For one, look at your "Inactive" memory: you've got 1.32GB of it, which is a ton. "Inactive" memory, in a nutshell, is memory that was in use at some point by some application, but the application has either been quit or the memory is no longer needed anymore... UNIX is smart, and thinks, "Well, just because they quit the application doesn't mean they won't use it again soon -- I'll just keep that stuff in memory, and if they use the application again, it'll already be there and relaunch will be fast... but if they don't use that same application again and some other application needs that memory, it's free to use it just like memory that hasn't been used at all."

Don't liken "free" memory as the only memory available for use. Like sinclair_tm said, look at your page ins/outs: if your pageouts are high (meaning you're running out of physical memory for use and portions of memory must be swapped to disk to free up physical memory), then it's likely you need more memory. If your pageouts are relatively low, like around or under 10,000 (like yours definitely are), then you're just fine.
The problem is that it IS sluggish. If I want to play Halo or Doom III I basically have to reboot before launching them, otherwise they are basically unplayable.

ElDiablo, why would UNIX cache 1.3GB of "Inactive" memory if 0 applications were ever opened on the current session(other than Activity Monitor)? You did read where I said that the RAM will fill up with Inactive even after a fresh reboot and having never logged in right?

I have a second harddrive in this machine, which I just updated to 10.4.6. I keep Mac OS X on this volume simply as a fall back if the main HD fails. I DO NOT have the same RAM caching problem when starting up from this volume. Only on my main HD.
Ok, now things get weirder.... I left my machine on overnight the other day after getting into Cocktail and running all scripts. I noticed that Inactive RAM when down tremendously. I had over 1GB of free RAM. I started to think that the drive was possibly being indexed and because of my frequent reboots, this was taking a very long time to complete... however, when finally rebooting after letting the machine run for two days the RAM once again filled up to 99% without any apps being opened.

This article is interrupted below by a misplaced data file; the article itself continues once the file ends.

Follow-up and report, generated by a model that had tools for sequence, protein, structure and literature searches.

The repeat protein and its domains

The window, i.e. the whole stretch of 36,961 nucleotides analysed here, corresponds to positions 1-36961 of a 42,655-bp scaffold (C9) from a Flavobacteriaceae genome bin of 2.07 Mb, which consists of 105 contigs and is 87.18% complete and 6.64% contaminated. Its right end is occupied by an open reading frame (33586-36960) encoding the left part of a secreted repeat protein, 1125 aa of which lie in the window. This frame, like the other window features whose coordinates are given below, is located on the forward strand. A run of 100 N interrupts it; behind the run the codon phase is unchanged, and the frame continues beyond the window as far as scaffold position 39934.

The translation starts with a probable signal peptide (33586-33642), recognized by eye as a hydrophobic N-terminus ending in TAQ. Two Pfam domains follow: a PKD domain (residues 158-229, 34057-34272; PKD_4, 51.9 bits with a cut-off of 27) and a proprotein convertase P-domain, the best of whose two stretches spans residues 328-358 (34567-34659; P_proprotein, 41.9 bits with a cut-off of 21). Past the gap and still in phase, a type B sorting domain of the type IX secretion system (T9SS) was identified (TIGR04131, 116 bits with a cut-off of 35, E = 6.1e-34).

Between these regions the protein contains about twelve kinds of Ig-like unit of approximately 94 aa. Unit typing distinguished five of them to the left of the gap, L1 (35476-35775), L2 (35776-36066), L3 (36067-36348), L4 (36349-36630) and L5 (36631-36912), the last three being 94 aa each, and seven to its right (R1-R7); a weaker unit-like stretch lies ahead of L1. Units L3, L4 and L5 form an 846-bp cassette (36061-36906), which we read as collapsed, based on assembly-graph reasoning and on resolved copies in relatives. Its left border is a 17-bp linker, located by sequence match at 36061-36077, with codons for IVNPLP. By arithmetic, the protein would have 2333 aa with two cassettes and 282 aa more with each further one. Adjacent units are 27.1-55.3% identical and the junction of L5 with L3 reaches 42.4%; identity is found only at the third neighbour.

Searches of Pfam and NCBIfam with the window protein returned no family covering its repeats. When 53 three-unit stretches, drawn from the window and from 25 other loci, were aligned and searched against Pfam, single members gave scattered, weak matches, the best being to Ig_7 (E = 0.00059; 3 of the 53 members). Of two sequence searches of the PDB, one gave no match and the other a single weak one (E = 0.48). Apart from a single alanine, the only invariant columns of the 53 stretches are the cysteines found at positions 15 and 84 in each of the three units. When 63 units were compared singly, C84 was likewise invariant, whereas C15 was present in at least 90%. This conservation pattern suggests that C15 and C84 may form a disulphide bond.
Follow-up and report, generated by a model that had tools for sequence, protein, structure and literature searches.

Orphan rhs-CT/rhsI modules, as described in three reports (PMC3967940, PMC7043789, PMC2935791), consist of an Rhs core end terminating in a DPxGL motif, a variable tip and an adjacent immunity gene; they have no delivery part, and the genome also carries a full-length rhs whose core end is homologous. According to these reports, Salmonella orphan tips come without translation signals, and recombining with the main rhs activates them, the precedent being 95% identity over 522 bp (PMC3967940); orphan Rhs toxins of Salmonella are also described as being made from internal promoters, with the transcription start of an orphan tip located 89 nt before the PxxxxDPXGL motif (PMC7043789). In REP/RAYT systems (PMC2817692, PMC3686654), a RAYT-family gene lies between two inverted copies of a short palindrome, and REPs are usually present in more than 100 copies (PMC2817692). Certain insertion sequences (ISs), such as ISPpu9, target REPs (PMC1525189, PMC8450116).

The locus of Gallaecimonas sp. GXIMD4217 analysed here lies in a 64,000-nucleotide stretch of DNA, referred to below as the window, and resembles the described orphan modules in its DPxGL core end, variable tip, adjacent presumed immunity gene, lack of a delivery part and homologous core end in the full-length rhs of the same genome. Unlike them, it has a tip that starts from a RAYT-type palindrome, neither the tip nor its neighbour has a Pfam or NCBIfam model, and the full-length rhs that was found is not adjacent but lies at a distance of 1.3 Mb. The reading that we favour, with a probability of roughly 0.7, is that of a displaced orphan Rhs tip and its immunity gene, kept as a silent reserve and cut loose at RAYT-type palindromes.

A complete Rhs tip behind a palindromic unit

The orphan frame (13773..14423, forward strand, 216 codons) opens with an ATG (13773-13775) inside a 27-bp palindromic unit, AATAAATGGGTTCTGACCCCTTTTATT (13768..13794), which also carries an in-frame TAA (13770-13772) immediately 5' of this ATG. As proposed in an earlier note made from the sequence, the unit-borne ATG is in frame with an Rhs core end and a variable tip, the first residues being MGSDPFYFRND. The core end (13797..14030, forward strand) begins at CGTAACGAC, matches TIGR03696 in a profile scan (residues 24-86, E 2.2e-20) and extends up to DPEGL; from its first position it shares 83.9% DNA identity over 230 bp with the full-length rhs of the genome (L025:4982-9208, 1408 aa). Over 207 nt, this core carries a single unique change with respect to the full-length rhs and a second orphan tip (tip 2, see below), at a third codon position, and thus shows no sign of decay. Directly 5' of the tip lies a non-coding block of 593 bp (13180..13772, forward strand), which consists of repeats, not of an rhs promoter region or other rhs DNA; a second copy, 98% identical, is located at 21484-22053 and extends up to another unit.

So I once again open up Cocktail and selected disks. I didn't even have to do anything, after the gear finished spinning under Journaling and displayed the disk info I noticed immediately that the Inactive RAM in Activity Monitor dropped tremendously. I really wish I knew what was going on, as this problem only presents itself when booting from my main HD and not my backup HD(both boot into 10.4.6).
I've had the same problem since I think 10.4.4 but it might have been .5. Inactive Ram never got this high before. I've only had Tiger on this G4. I'm curious, do you use Path Finder? I don't know for sure because 10.4.4 and Path Finder 4 I started using at the same time when the problem started. But I've rebooted without Path Finder starting and get the same problem, so... My computer doesn't really feel sluggish too much. I have 1.5 Gigs but the fact that before 10.4.4 the Inactive Ram never got this high is what worries me.
I have never used Path Finder, but I did have a bunch of System level stuff installed including Little Snitch, Flip4Mac, Stuffit Archiver, Virex, TechTool, and DiskWarrior.

As I stated above, running the cron scripts with Cocktail did provide with a decent improvement. However I started getting alot of kernel panics from various programs when doing intense stuff like having Stuffit compress and encrypt 2GB+ files and playing some games. So I decieded to try an Archive and Install of a fresh copy of 10.4, then updated to 10.4.6 and everything is so far so good. I don't have the Inactive RAM problem anymore and no bad crashes either. ::knocks on wood::